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^it Vox Diaboli. During the Middle Ages, it was the function of the clergy to be the organ of Public Opinion in that higher sense which I have I been unfolding. Quinet has well called the Church "the substance of those extinct centuries." It was a grand conception, that of a spiritual society which should be the embodied conscience of mankind; the witness to the world of righteousness, temperance, and judgment to come. Of course, no man in the least acquainted with the facts of history would pretend that this great ideal was ever adequately realized. Even in the best ages of the Church there is constantly cause to remember that "we have this treasure in earthen vessels"; while in the worst, the spiritual power whose very raison d'etre it is to bear witness to the moral law, to speak of the divine testimonies before kings, and, if need be, patiently to suffer for the truth's sake, has fellowship with unrighteousness and sinks into the accomplice of secular tyranny. Astute sovereigns found their account in manipulating the ecclesiastical order, much as Prince von Bismarck manipulated his reptile press. Queen Elizabeth knew how to tune her pulpits; and the Anglican clergy were the most effective teachers of the monstrous doctrine of the " right divine of kings to govern wrong," so dear to the monarchs of the House of Stuart. Still, while a Christian commonwealth was regarded as the true idea of the State, and was, more or less, realized in fact, the office iv.] "THE LIBERTY OF UNLICENSED PRINTING." 123
of the Church, as the ethical judge of society, was, doubtless, on the whole, fulfilled with great benefit to mankind. In the age in which we live, the secularization of the public order is, almost everywhere, an accomplished fact. The clergy are no longer the accredited keepers of the public conscience. The teachers of the nations on right and wrong are the newspapers, in which Mr. Carlyle accordingly discerned "the true Church" of these latter days. Hence the supreme importance of "that liberty of unlicensed printing," for which Milton pleaded in his Areopagitica. The right of freedom of the press, like all rights, arises from necessity. The true ends of the social organism cannot be attained unless its moral consciousness be cultivated and realized in Public Opinion. And such Public Opinion should find exposition in the newspapers. But this right, like all rights, is limited by correlative duties. It is limited by those conditions in which alone a moral Public Opinion is possible. Its primary law is veracity. And that law, like all laws, has a penal sanction. Every lie, however successful for a time, must be expiated. Every despised and insulted verity must be avenged. That results from the nature of things. How far, as a matter of fact, our new clerus is from walking worthy of its high calling, I have had occasion to consider elsewhere in discussing The Ethics of Journalism.*
* In chap. vii. of On Right and Wrong.
In medieval times there arose, not infrequently, a well-warranted demand for the reformation of the clergy. It appears to me that in these days, men of good-will are bound to do all that in them lies for a reformation of the newspapers. Our journalists are the prophets of democracy. It is for democracy to insist that they be true prophets and not false. The value of a democracy, let us remember, is the value—the intellectual and moral value—of the men and women who compose it. And this value largely depends upon the teachings which a democracy receives. I take it that one of the greatest services which can be rendered to the age in which wo live—yes, and to the ages that will come after us—is to promote a truer conception, a deeper appreciation of the ethical obligations, the moral mission, of journalism. It is not easy to overrate the power for good which might be exercised through the newspaper press by men of light and leading keenly susceptible to their grave responsibilities as teachers. It is not too much to say that such instructors are absolutely necessary if the prevailing form of polity is worthily to fulfil the true ends of the State. "No government by a democracy, or a numerous aristocracy, either in its political acts, or in the opinions, qualities, and tone of mind which it fosters, ever did or could rise above mediocrity, except in so far as the sovereign (Many have let themselves be guided (which in iv.] THE MORAL MISSION OF JOURNALISM. 125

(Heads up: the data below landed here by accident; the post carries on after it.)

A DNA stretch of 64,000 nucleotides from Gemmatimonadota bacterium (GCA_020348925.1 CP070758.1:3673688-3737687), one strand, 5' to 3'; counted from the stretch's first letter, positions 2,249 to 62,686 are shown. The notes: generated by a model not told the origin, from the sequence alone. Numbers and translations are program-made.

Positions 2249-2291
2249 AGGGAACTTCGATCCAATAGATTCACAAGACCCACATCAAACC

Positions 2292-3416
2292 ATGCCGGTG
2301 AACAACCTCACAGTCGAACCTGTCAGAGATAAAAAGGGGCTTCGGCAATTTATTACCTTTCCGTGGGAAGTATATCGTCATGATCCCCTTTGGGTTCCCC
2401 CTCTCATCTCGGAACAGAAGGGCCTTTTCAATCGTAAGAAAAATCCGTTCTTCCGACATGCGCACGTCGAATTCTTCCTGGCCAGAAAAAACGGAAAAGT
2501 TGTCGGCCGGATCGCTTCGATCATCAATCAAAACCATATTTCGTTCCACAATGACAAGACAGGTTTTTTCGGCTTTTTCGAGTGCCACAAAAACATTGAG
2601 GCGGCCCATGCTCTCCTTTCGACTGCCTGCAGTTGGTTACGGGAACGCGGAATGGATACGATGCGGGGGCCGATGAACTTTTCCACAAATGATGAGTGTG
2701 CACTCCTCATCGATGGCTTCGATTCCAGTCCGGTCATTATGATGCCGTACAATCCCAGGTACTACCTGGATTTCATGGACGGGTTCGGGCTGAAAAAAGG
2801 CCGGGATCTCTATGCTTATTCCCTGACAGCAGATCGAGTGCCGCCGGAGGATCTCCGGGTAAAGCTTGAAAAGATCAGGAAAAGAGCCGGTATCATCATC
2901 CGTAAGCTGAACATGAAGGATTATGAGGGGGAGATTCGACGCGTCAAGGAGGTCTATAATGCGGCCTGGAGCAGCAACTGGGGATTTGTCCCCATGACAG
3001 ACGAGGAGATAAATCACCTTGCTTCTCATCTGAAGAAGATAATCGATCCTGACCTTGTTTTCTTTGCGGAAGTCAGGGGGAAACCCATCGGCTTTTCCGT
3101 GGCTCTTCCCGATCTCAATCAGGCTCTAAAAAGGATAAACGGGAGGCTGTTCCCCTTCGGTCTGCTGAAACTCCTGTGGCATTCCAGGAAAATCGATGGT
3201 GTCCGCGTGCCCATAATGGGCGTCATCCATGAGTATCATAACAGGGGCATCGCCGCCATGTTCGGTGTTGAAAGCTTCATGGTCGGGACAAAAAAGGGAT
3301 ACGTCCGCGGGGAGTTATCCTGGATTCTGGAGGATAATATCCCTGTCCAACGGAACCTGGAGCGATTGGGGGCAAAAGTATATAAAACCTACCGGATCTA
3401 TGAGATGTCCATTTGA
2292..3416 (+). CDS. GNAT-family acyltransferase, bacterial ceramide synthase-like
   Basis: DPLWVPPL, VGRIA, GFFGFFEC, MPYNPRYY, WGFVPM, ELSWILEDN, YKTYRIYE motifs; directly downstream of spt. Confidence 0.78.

their best times they always have done) by the counsels and influence of a more highly gifted and instructed One or Few. The initiation of till wise and noble things comes, and must come, from individuals: generally, at first, from some one individual. The honour and glory of the average man is that he is capable of following that initiative; that he can respond, internally, to wise and noble things, and be led to them with his eyes open."*
* Mill on Liberty, c. iii.
"Quand la presse a le droit de tout dire, il faut que lcs hommes qu'elle endoctrine aient le talent de tout discerner. Plus clle devient bardie, plus elle exige chcz lcs lecteurs une capacite inebranlable, un sens droit et vigoureux." * So a thoughtful writer discussing, more than half a century ago, the position and tendency of French society. The words are as true now as they were when they were written, and they are of universal application. Liberty, Popular Government, and the power of Public Opinion, if they are to prove a blessing and not a curse to any country, require the elevation of the people generally in "opinions, qualities, and tone of mind." "We must educate our masters," said Lord Sherbrooke. The familiar dictum seems like the very voice of the Zeitgeist. I suppose there is nothing upon which this ago of ours prides itself more than its educational activity.
* Chaslus, Essai sur la situation et la tendance de la Socictd Franqaise, p. 26.